What is Aperture and What Does It Do | Photography Basics

When we pick up a camera we want to do 3 things.  We want to stop time, tell a story and create something beautiful to keep foever. While every cell phone and most digital devices now have cameras built in, there’s really no substitute for a dSLR and knowing how to use it. Contrary to popular believe, many of the things that make a photo go and a photographer’s style unique happen in the camera, not in post processing.

The best way to find your style and make your images come out like you want them, is to learn your camera and the basics of photography.  This starts with knowing the exposure triangle: aperature, shutter speed & ISO.

Let’s start with aperature.

The aperture (Ap) is the hole in the camera’s lens that lets light in to hit the film or sensors on digital cameras.

 

Think of you camera as an eye.  The aperature would be the pupil.  When it’s bright outside the pupil is smaller, letting in less light.  When the lighting is dim the pupil dilates, widening so it can use the available light more effectively.  When your camera is in “Auto” mode, your camera decides how much light there is and how open the aperture should be.  

 

Aside from the amount of light that comes in, your aperture also effects your Depth of Field (DoF).  Depth of Field refers to how much of your picture is in focus.  


When your aperture is set at a lower number or “wide open” (f/1.2 to f/3.5) your DoF is shallower.  This means that you see what’s in focus and the rest of the photo is blurry.  



When you aperture is in a medium range (f/4 to f/11) your DoF will allow closer objects to be in focus, but keep objects in the background blurry.  



This is what your pictures usually look like in Auto mode.  When your aperture in high (very small opening, f/16 to f/22) most the picture will be in focus. This is closer to what we see with our eyes and is usually used in landscape photos where we want to see the whole scene.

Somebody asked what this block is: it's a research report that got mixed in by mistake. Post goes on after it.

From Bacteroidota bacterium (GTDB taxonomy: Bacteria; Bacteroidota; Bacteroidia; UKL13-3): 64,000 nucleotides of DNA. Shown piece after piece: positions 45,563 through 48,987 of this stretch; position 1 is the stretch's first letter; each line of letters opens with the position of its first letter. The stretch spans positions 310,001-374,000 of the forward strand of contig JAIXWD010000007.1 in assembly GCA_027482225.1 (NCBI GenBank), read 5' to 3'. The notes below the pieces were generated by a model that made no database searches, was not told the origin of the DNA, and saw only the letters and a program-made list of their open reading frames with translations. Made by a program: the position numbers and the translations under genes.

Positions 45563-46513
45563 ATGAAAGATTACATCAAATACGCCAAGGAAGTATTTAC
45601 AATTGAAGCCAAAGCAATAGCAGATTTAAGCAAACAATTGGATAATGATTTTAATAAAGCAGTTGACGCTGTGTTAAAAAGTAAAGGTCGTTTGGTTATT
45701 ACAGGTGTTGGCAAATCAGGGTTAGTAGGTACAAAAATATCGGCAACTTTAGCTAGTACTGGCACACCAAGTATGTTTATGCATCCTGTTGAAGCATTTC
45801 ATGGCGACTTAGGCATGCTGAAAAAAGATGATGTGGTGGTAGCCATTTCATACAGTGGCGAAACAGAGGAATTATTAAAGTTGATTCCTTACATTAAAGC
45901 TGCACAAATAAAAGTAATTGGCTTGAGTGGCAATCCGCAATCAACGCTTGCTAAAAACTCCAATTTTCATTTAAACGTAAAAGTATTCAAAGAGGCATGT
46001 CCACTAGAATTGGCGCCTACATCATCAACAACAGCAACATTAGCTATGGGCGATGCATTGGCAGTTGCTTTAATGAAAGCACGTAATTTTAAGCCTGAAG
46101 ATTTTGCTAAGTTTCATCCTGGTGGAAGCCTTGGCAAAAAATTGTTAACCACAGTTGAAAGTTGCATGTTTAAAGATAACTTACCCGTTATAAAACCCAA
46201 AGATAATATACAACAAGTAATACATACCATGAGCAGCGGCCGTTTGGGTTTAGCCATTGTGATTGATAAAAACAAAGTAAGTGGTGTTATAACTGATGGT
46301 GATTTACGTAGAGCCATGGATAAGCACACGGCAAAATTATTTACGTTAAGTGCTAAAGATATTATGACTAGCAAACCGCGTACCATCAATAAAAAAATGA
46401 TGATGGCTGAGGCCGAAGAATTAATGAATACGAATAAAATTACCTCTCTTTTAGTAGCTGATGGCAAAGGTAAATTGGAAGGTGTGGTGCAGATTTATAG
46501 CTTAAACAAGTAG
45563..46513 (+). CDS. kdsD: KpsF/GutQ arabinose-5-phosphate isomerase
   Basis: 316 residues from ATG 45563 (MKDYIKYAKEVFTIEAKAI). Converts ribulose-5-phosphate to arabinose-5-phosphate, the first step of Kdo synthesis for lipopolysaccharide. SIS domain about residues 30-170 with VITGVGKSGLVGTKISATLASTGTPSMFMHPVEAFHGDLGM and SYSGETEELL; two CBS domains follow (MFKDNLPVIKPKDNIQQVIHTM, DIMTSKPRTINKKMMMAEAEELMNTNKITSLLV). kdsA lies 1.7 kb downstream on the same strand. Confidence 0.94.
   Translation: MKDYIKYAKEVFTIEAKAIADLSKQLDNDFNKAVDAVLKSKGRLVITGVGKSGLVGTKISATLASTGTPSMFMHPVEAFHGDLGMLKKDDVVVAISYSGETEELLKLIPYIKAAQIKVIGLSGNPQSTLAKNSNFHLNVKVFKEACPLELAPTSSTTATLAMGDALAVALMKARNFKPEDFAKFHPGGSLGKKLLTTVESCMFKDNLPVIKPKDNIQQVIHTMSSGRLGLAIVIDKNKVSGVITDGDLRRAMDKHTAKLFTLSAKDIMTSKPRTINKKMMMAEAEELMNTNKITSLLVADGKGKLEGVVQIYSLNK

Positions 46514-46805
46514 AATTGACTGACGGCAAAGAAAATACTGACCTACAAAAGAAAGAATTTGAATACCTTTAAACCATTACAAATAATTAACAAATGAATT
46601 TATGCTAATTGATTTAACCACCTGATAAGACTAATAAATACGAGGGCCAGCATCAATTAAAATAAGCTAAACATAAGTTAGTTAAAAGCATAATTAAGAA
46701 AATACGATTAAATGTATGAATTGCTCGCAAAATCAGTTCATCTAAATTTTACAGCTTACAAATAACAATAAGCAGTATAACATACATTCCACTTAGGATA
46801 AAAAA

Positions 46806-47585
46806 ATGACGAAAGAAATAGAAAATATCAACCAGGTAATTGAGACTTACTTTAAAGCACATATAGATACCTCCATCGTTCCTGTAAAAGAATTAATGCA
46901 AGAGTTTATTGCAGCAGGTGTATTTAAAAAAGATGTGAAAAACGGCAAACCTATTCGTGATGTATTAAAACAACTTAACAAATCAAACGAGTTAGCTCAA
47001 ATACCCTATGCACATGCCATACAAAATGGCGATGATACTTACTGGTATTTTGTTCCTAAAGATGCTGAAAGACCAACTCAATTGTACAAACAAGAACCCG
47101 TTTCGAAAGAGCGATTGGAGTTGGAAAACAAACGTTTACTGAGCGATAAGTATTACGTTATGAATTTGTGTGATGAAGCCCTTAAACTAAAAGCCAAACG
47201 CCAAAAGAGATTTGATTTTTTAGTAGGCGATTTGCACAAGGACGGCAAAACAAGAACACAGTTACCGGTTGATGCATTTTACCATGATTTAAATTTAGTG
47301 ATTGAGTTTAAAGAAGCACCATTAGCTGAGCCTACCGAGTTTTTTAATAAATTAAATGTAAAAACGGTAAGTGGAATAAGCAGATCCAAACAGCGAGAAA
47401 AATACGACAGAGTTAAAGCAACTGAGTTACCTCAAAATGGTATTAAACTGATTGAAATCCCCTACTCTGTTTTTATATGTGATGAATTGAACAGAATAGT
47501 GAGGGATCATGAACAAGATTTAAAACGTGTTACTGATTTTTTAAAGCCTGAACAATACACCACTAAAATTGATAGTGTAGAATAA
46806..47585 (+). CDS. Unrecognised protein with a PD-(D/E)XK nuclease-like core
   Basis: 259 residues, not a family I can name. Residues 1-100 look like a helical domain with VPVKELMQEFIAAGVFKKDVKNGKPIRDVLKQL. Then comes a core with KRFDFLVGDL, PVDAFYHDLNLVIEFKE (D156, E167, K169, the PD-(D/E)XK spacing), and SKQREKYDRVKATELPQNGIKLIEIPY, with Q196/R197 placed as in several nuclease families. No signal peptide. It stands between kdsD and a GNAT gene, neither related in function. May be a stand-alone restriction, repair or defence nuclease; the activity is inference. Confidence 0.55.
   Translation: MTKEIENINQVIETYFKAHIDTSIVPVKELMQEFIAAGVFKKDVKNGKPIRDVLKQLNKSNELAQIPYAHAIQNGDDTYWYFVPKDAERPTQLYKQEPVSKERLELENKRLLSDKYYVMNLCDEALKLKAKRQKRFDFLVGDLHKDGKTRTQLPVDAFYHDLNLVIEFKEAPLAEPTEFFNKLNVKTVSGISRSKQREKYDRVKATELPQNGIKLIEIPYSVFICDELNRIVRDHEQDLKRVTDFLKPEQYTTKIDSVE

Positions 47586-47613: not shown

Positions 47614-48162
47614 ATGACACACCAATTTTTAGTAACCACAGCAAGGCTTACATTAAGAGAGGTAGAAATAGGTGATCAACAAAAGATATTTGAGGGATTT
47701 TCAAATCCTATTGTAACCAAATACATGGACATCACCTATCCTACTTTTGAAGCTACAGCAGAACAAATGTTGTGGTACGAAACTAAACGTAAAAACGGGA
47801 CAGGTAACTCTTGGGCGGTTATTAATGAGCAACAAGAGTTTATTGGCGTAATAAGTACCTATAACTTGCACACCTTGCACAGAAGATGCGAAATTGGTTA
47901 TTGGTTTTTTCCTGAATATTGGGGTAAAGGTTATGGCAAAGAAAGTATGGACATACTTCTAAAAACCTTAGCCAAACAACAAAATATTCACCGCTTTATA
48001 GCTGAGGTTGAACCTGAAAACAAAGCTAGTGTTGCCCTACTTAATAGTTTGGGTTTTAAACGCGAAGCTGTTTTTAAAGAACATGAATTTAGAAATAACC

While professional cameras have a full Manual mode, many consumer grade cameras do not.  They do however have “priority” modes.  These modes allow you to control a specific element  of the exposure triangle and let your camera decide what the other settings should be.  


To control the Aperture on your camera, turn the mode dial to “AP” mode.  You can then control your aperture and the Depth of Field.

 

Give it a shot!  Try taking a picture at a lower aperture, like f/3.5 then take the same picture at f/5.6 and f/16.  What did you notice? Which one did you like better? Leave a comment below and show me what you learned!

 

Make sure you check out my next post on Shutter Speed.

 

 

 

 

Want to go more in depth? Contact me today to set up your photography lessons with a Mentoring Session!  Island & Skagit county locals can do a one-on-session, complete with lunch/dinner and updated head shots!  Not in Washington?  We can do a Skype session, complete with notes and cheat sheets for you to reference later.  Email me to set up your Mentoring session today at amymichele.photographer@gmail.com

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